eastereggs1The exhibition starts with the biggest and probably one of the best eggs: the Apple Blossom Egg. The industrialist Alexander Kelch ordered it at Fabergé in 1901 as a present for his wife Barbara. But the exhibition shows many more Easter eggs from a variety of designers, including the Imperial Porcelain Factory. Some are small, others bigger. They are made of porcelain, gold, silver, glass or papier-mâché. And they are all richly decorated with religious motives, imperial initials, birds, flowers … and of course the most precious gemstones. Below is only a small selection of the eggs shown at this impressive exhibition.

eastereggs2eastereggs3eastereggs4eastereggs5eastereggs6eastereggs7eastereggs8eastereggs9eastereggs10

The King and Queen of the Netherlands visit Two of Their Provinces

Once in a while King Willem-Alexander and Queen Máxima of the Netherlands, like many of their European colleagues, pay a visit to a part of one of their provinces. The Netherlands has twelve provinces and on Tuesday 17 February they spent the whole day in the peat-colonies of the Provinces Groningen and Drenthe, in the northeast of their country. As usual they learnt to know the area, its history, initiatives and problems.One problem wasn’t really heard during this visit, however the King had already spoken to people about it earlier. In Groningen there are earthquakes regularly, because of the exploitation of gas, and they become somewhat heavier and more regularly nowadays, causing damage to peoples houses and make that people don’t feel safe anymore.

Groningen and Drenthe don’t see that many royal visits yearly, and certainly not these parts of the provinces. The enthusiasm among the locals was therefore big and many people showed up everywhere to catch a glimpse of the royal couple. Sometimes they even stood there for some hours, although the weather was awfully grey and in Stadskanaal even a bit rainy. The people thought it was wonderful that the royal couple visited their part of the country and took the time to hear about what is going on in the area. And they much admired Queen Máxima for managing to brave the cold weather without wearing a coat.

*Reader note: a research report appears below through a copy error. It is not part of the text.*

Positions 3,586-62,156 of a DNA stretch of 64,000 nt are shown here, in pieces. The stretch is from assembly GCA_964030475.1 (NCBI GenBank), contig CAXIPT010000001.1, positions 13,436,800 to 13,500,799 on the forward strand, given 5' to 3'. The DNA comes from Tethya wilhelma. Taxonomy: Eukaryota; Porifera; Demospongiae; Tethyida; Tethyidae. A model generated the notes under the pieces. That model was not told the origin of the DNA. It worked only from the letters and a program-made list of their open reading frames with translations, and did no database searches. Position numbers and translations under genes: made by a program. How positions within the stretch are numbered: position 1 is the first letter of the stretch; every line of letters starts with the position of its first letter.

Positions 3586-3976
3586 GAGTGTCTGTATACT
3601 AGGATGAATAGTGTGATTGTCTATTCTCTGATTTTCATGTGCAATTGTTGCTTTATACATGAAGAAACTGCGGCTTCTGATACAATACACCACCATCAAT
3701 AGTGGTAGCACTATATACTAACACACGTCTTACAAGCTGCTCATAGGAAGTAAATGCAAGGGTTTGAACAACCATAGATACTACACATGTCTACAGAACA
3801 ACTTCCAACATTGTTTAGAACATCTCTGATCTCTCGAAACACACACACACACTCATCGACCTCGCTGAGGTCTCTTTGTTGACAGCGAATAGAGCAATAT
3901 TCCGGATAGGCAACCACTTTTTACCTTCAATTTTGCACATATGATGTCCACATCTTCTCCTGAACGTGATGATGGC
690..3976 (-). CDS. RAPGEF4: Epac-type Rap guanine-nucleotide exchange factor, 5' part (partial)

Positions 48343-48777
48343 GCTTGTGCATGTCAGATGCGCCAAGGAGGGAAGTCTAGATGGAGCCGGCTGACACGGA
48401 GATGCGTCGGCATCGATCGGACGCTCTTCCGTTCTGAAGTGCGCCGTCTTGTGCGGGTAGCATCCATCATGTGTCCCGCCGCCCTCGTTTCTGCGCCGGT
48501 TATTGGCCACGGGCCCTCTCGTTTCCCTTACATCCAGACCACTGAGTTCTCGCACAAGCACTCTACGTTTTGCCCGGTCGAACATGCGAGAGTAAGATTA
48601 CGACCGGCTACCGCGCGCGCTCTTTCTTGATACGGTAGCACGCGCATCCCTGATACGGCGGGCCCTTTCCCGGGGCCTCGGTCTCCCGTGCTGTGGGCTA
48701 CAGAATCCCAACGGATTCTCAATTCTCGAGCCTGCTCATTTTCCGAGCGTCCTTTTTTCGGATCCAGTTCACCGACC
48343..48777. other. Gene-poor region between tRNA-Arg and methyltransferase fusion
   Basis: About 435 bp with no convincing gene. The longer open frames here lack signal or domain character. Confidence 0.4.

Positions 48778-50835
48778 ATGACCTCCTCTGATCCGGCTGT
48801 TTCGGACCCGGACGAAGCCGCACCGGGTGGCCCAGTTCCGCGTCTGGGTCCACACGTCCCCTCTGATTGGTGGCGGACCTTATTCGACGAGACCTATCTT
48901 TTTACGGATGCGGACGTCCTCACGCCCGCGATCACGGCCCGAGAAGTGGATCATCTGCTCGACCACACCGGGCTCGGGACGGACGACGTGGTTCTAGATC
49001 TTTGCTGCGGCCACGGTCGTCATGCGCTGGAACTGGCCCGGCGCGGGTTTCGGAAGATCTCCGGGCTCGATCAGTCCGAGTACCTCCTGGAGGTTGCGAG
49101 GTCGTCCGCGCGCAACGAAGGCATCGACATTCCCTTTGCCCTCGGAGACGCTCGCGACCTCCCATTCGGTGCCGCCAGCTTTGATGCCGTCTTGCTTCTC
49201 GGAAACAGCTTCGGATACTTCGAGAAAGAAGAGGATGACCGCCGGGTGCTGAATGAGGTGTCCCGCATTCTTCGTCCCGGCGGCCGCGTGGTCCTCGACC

provinces1The visit started at 10am in the town of Veendam, where many people waited on the square in front of the museum. In the “Veenkoloniaal Museum” the King and Queen learnt about the history of the area where peat was gathered since the 16th century up till the 20th century. They were also told about the co-operations between the municipalities in the east of the provinces of Groningen and Drenthe, especially in the inovative co-operation AVEBE, that unites Dutch and German farmers, and processes potatoes.

provinces2 provinces3 provinces4In Stadskanaal Willem-Alexander and Máxima visited the social workplace Wedeka, that helps people with some distance to the labour market to get a regular job, by offering them courses and intermeditation. The unemployment in the north of the Netherlands is pretty high at the moment. The royal couple toured the company and spoke with people working there. Outside again they took their time to greet the public.

provinces5 provinces6 provinces7Around lunchtime a private meeting was arranged with as theme the wind energy. Not all people are happy about having windmills spoiling the landscape. The meeting must have been very interesting and the food too good, as the royal couple arrived in Emmer-Compascuum almost half an hour late. Lots of schoolchildren, people and even the local carnival society were waiting patiently. The children sang the “Koningslied” (which was very much criticized in April 2013) and Prince Carnival offered the royal couple some herring, which by the way was refused, as they had just eaten. The Multifunctional Center De Deele does have a municipality shop and also offers day care for little children and old people. The visit started in the library with a film about the participation and initiatives of citizens.